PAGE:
Remember that a big part of leading through change is giving employees exactly what keeps them motivated and engaged despite the changes, and helps them see the light at the end of the tunnel. One way to do this is to keep in mind what employees want, day in and day out. We’ve distilled it down to the four pillars of employee experience: connection, meaning, impact, and appreciation. Sometimes those are delivered in the form of an affirmation of your company’s vision and mission. Sometimes it’s a thank you.

And sometimes, it’s as simple as meaningful feedback for the work they are doing to contribute:

When you choose to cut budget that delivers these things to reduce some expense in the short-term, the impact can be costly in the long-term, and felt by many. Let me paint the real cost to you when this happens:

  • 50% of your staff may not stay, or may not stay as long as they would have if they felt more appreciated.
  • Failing to provide regular feedback and recognition can dramatically affect your rate of retention and turnover.
  • Lack of gratitude, culture, or connection to a purpose can factor heavily into why employees today choose to stay or go.
  • Based on the findings in Gallup’s State of the Workplace 2017, it’s clear that removing – or not investing in the first place – in systems that create a culture of engagement is bad for long-term costs:

As a CEO, I recognize that cuts still need to be made; but also as a CEO, I’m a fan of making decisions with my eyes wide open. If the logic is sound, and cutting people-programs is clearly in your best interest, then that’s the decision that needs to be made. But be aware of the alternative view on this logic – a view that suggests making cuts to programs that clearly impact morale, the culture, and one’s ability to stay engaged throughout the tough times may be the very definition of an act that is penny-wise but pound-foolish.

A solid approach to engagement is critical to maintaining company cohesiveness, communication during a time when people are scared, and a sense of community and culture when your business needs it most. Whether or not you use Kazoo to achieve these goals, consider keeping (and even investing more in) your current people and HR programs.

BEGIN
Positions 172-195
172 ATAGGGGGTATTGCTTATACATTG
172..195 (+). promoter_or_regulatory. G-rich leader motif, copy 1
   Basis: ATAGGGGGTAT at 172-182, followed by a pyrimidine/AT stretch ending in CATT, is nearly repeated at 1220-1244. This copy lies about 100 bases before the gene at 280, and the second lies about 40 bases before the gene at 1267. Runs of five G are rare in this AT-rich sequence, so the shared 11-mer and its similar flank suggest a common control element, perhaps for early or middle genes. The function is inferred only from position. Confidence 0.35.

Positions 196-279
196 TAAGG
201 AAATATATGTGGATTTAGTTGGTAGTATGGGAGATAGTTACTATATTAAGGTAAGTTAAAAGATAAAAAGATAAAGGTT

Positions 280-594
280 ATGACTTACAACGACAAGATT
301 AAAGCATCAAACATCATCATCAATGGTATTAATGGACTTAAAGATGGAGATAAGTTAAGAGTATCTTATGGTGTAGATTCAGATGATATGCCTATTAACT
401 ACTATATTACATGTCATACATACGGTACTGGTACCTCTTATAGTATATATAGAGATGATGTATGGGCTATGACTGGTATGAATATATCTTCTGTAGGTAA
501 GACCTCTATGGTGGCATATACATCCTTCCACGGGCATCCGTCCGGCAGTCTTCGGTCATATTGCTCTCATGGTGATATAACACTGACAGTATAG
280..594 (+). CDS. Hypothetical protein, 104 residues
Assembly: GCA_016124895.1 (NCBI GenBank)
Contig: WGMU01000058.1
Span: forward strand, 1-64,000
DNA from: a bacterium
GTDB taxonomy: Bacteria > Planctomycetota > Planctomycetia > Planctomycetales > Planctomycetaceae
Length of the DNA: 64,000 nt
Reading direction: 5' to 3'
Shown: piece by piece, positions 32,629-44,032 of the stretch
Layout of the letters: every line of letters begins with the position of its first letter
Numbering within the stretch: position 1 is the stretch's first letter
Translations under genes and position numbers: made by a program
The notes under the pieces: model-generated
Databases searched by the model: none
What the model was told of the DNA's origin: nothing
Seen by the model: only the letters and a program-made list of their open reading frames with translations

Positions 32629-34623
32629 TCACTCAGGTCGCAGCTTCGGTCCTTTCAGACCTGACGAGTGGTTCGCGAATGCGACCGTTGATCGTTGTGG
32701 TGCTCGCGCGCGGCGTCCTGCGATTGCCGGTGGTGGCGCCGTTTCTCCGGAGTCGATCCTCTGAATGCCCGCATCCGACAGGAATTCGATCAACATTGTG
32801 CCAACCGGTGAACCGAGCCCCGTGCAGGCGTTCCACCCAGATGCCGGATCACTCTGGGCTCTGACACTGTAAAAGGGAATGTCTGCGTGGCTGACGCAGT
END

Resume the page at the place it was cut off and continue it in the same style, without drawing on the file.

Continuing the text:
You can manage the expenses today, but you can’t lead the team to win tomorrow by being penny-wise but pound-foolish. In the long term, our survival depends on our ability to grow our connections to our colleagues and our commitment to core values as we weather the current storms.

About Autumn Manning
Autumn Manning is one of the happiest CEO’s in the world. She spends her days surrounded by a smart team at Kazoo and combines her background in behavioral psychology, human capital management, and building corporate culture to create the world’s best employee experience platform. LinkedIn Twitter

About Kazoo
Kazoo is the employee experience platform powered by the science of motivation and the mission of improving the lives of employees everywhere, one company at a time. Founded in 2013, Kazoo grows company culture and improves bottom-line performance metrics through its robust engagement platform that delivers recognition, rewards, incentives, and team insights. Named to Entrepreneur Magazine’s list of Best Company Cultures in 2017, the Austin-based SaaS company and its technology platform are built on the four pillars of employee experience: connection, meaning, impact and appreciation. To request a demo, visit